Gavin Magrath, Magrath’s International Legal Counsel, Toronto, Canada

An investigation by the Vancouver Sun[1] has uncovered both government and police documents evidencing an infiltration of Vancouver’s port facilities by biker gangs for the purposes of drug trafficking.

Among the documents uncovered is a research brief for the Minister of Public Safety [2], which states that Canada’s three largest commercial marine ports (at Montreal, Vancouver, and Halifax) are vulnerable to both in bound and outbound smuggling; while the brief encourages intelligence gathering and inter-agency co-operation, inter alia, it also notes that the responsible organizations lack sufficient resources relative to the scope of the problem.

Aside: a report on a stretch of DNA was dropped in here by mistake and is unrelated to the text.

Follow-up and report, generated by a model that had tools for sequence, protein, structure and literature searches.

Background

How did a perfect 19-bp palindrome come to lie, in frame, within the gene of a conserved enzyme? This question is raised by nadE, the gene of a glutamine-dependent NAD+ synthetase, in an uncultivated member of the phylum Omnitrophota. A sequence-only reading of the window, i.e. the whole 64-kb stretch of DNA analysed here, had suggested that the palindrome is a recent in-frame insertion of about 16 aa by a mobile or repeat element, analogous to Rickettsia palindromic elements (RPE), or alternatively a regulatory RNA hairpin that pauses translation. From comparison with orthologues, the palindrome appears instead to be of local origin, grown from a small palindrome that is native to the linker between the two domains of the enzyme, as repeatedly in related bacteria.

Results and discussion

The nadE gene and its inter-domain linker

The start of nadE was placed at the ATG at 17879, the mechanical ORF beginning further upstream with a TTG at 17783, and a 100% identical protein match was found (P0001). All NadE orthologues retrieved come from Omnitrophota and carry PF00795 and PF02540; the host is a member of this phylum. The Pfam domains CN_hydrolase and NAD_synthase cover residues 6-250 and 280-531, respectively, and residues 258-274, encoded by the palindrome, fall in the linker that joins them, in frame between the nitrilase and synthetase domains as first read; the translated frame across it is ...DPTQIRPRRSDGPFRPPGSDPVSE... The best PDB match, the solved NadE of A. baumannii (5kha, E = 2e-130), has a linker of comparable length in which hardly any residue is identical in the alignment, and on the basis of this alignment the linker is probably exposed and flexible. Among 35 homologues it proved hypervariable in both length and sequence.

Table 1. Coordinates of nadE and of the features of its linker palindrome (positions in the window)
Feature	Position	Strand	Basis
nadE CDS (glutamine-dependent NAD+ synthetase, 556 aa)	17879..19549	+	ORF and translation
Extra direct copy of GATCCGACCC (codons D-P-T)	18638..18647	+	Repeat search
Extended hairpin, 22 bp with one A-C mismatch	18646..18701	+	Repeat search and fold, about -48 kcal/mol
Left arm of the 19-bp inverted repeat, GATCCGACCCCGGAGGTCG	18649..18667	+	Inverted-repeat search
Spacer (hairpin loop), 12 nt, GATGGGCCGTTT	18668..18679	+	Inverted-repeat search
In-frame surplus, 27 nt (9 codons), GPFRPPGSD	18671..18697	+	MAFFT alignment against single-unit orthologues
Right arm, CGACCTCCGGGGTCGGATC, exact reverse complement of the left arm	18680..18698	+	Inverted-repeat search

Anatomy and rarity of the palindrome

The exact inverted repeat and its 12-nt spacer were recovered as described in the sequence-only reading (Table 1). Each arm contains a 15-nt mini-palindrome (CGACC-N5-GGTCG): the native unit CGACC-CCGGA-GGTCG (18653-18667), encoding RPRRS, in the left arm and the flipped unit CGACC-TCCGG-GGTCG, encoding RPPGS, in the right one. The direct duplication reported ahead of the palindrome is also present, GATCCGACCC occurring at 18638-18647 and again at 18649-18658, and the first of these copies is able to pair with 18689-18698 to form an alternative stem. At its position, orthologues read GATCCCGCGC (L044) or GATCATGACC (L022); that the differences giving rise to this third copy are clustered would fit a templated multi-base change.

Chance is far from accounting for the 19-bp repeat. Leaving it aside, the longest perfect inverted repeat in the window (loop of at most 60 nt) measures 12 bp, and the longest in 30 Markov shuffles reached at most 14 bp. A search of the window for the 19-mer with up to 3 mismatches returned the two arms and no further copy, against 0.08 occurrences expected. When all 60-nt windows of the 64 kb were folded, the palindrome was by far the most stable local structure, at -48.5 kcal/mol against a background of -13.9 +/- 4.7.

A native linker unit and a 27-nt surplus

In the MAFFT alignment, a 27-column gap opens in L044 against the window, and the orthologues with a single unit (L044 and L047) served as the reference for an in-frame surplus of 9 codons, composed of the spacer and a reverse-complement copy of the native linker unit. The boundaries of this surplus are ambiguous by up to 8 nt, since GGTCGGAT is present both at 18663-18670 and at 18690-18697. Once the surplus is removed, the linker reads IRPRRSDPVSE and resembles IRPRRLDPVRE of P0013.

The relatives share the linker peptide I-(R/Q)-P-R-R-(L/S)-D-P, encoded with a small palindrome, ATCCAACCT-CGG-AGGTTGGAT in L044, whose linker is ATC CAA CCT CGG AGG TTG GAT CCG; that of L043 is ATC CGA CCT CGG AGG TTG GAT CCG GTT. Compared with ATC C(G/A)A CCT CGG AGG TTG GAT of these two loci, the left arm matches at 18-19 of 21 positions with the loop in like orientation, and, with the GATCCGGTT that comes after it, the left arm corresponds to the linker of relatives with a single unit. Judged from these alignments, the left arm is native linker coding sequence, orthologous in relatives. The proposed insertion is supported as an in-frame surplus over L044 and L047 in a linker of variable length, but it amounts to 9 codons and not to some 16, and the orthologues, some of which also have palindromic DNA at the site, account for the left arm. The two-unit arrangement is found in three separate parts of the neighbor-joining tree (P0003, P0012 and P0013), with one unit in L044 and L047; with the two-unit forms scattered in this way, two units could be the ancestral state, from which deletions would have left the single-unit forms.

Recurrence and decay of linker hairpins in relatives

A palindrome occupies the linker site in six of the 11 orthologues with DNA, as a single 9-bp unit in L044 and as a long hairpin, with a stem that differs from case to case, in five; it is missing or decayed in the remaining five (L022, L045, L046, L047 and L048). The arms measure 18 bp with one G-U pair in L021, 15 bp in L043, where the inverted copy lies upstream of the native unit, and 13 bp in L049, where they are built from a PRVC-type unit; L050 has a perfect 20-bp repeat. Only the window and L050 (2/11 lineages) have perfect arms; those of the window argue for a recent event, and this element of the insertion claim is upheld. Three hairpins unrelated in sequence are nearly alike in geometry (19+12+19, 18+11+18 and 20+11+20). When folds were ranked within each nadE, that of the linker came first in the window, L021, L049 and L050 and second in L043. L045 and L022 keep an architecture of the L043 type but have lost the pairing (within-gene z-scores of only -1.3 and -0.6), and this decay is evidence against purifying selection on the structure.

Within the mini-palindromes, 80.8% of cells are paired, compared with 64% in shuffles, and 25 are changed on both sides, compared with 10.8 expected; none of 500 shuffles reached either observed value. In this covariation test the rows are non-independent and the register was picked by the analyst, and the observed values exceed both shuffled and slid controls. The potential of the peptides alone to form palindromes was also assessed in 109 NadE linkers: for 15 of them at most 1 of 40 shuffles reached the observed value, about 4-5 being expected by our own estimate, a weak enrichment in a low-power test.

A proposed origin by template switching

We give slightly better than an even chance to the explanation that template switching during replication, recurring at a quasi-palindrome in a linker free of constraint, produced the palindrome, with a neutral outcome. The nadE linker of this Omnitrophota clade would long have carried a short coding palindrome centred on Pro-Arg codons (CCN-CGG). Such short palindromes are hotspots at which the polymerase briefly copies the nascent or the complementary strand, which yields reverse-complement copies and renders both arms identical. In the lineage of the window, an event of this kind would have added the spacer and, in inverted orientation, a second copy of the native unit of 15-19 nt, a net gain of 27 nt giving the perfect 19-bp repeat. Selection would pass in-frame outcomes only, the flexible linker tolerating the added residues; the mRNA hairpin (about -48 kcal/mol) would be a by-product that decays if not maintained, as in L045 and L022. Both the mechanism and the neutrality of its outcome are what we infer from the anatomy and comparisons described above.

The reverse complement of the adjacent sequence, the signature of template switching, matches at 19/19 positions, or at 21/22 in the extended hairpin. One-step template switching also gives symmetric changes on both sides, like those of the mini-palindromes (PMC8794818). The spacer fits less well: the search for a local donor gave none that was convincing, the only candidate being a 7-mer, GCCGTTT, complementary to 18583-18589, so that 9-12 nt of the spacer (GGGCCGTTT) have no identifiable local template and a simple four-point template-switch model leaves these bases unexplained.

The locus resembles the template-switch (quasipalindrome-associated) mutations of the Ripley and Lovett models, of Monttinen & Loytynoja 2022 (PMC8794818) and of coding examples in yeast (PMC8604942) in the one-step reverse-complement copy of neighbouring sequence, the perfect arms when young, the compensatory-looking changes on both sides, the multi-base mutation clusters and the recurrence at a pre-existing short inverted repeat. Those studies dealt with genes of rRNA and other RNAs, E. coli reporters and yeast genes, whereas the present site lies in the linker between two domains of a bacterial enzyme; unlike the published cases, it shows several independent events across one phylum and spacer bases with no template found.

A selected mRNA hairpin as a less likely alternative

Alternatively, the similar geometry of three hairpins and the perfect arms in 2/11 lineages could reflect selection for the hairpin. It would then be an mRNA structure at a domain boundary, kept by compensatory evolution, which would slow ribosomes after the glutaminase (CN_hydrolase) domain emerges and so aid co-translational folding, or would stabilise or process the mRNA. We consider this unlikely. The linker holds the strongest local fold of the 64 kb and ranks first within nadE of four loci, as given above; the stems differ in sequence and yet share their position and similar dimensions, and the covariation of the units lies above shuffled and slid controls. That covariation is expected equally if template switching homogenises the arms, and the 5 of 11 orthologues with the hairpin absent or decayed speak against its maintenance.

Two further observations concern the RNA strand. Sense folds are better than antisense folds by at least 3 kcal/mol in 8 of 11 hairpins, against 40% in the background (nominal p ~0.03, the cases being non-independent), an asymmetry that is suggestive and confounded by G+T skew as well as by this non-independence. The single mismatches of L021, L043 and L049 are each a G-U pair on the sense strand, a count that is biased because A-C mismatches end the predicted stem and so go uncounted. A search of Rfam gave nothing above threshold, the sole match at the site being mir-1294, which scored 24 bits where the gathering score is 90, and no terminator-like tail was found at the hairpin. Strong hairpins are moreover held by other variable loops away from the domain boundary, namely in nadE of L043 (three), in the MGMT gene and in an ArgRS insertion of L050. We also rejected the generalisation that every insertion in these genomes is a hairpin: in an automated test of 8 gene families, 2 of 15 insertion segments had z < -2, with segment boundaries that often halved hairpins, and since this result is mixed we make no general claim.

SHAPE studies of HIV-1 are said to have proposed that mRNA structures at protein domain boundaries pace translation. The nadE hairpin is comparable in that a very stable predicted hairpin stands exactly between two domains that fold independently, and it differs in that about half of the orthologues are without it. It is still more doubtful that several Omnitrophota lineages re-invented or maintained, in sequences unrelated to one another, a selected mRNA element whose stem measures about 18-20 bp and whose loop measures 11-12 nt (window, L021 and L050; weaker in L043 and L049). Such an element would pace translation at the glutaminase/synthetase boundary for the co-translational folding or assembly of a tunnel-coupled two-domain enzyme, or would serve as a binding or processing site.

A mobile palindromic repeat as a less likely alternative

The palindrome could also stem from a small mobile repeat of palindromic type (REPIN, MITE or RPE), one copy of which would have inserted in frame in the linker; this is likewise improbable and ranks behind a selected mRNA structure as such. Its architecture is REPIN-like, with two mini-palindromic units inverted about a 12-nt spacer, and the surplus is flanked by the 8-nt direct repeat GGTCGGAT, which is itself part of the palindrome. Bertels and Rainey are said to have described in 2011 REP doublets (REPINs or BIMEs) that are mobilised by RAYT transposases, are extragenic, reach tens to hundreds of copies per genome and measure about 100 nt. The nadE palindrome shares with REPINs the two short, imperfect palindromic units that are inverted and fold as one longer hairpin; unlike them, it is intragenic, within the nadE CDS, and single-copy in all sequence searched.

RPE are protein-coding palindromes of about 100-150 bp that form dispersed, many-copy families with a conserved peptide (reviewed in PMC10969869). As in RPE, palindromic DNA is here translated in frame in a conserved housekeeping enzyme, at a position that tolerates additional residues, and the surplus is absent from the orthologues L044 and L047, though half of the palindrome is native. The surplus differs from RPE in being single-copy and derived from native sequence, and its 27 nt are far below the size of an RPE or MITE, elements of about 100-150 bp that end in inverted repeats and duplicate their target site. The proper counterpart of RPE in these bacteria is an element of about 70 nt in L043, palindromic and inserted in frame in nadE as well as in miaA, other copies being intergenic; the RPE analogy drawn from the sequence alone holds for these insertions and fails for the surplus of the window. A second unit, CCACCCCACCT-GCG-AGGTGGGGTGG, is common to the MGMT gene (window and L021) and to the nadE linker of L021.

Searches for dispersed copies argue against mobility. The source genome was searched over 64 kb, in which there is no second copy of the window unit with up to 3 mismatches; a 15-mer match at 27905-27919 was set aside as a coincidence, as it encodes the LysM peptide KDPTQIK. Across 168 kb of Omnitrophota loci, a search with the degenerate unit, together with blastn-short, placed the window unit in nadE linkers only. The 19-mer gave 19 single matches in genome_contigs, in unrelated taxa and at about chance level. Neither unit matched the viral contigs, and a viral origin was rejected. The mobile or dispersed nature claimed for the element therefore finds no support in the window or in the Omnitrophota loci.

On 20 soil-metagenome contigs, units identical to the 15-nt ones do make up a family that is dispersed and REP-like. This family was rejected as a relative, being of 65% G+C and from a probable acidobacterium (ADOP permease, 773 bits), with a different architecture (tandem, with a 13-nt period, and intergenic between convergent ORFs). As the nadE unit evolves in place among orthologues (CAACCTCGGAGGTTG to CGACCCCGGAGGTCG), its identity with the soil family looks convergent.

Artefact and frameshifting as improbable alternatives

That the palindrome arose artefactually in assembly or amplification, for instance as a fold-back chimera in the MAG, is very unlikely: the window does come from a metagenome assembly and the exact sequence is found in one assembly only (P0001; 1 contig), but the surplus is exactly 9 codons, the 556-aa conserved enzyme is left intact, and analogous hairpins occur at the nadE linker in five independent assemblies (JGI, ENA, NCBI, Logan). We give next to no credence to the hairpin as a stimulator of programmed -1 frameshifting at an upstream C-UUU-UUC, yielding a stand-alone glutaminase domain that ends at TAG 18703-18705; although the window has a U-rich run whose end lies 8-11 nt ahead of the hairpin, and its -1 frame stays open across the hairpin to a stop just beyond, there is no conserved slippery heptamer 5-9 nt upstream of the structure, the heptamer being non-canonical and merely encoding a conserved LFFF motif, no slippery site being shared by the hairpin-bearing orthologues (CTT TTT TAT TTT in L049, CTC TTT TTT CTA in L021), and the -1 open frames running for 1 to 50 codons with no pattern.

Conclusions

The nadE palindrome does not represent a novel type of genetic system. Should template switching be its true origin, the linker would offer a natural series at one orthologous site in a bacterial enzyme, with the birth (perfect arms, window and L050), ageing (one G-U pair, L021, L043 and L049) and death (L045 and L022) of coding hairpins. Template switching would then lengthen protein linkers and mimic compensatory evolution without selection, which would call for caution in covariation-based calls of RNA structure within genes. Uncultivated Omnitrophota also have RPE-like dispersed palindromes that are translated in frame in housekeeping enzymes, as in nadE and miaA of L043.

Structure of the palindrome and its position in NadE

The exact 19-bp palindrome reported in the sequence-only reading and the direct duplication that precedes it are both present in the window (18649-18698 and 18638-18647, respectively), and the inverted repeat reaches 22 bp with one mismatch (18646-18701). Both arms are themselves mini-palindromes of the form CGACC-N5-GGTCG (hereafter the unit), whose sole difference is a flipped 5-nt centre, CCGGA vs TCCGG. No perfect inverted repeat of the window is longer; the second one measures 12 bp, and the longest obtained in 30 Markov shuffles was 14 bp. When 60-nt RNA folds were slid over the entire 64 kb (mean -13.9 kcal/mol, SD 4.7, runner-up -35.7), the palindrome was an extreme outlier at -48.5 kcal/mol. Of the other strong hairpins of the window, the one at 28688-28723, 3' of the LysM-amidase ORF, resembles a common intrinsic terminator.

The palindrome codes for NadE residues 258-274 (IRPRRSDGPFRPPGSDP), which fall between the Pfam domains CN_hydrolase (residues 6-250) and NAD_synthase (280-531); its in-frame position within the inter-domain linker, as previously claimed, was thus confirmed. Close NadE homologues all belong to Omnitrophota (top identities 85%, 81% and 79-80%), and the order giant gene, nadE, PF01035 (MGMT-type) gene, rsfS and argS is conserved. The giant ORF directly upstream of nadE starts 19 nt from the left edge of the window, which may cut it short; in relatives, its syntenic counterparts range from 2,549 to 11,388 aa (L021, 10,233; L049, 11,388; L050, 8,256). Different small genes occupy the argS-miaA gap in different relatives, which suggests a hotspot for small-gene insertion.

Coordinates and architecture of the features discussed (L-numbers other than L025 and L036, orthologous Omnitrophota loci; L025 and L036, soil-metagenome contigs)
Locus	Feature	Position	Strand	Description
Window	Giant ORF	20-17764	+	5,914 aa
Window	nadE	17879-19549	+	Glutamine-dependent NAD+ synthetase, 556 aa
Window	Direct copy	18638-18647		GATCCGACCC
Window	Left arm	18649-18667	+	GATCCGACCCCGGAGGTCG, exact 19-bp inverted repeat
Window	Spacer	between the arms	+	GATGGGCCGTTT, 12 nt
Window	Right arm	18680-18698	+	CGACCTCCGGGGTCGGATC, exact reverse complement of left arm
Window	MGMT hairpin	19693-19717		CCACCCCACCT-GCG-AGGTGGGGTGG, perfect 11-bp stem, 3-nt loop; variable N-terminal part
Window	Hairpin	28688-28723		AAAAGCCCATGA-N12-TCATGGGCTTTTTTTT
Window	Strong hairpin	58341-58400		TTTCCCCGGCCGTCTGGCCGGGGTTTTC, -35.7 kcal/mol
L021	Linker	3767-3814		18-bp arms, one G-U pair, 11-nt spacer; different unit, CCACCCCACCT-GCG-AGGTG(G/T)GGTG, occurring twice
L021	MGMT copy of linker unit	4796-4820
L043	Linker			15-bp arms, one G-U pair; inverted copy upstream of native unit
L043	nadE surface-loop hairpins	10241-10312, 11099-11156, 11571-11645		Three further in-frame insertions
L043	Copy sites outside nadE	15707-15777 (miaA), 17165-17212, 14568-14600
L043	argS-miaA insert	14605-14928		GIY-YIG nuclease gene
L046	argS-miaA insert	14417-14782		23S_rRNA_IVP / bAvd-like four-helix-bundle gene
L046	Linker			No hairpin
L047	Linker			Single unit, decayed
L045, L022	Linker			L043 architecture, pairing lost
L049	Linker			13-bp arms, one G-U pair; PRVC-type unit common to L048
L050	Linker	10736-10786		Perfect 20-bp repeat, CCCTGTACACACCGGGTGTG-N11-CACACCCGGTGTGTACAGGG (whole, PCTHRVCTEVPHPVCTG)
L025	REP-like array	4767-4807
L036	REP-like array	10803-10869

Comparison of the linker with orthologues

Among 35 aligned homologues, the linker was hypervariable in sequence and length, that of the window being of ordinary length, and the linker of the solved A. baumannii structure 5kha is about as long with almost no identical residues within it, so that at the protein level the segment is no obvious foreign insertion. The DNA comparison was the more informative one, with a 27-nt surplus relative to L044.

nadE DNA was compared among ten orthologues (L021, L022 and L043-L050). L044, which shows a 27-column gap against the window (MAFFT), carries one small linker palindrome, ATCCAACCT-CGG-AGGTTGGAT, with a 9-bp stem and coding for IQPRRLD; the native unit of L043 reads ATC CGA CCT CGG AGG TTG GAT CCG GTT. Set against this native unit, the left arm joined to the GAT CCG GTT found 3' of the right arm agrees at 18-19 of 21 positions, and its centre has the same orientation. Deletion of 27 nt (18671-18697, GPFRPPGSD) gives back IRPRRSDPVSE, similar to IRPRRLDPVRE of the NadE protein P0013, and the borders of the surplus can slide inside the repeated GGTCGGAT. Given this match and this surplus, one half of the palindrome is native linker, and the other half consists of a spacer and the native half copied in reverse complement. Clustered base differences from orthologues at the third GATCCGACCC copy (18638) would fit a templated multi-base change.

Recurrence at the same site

The brief highlights the importation of input ingredients for synthetic drugs, the export of drugs, and the import of counterfeit goods as the chief crimes being perpetrated.

The Sun’s report also provides details on more than two dozen individuals with ties to organized crime working at the ports as longshoreman, including several members of the Hell’s Angels biker gang. In the words of Ontario Provincial Police Det.-Staff. Sgt. Len Isnor, the country’s top law enforcement expert on the Hells Angels, “So as far as the ports are concerned, it’s the whole success of the Hells Angels.”

The report serves to highlight that, while great strides have been taking in airline and airport security over the past decade, similar steps to ensure the security of our marine ports have badly lagged; both government and industry have a role to play in addressing these failures and oversights.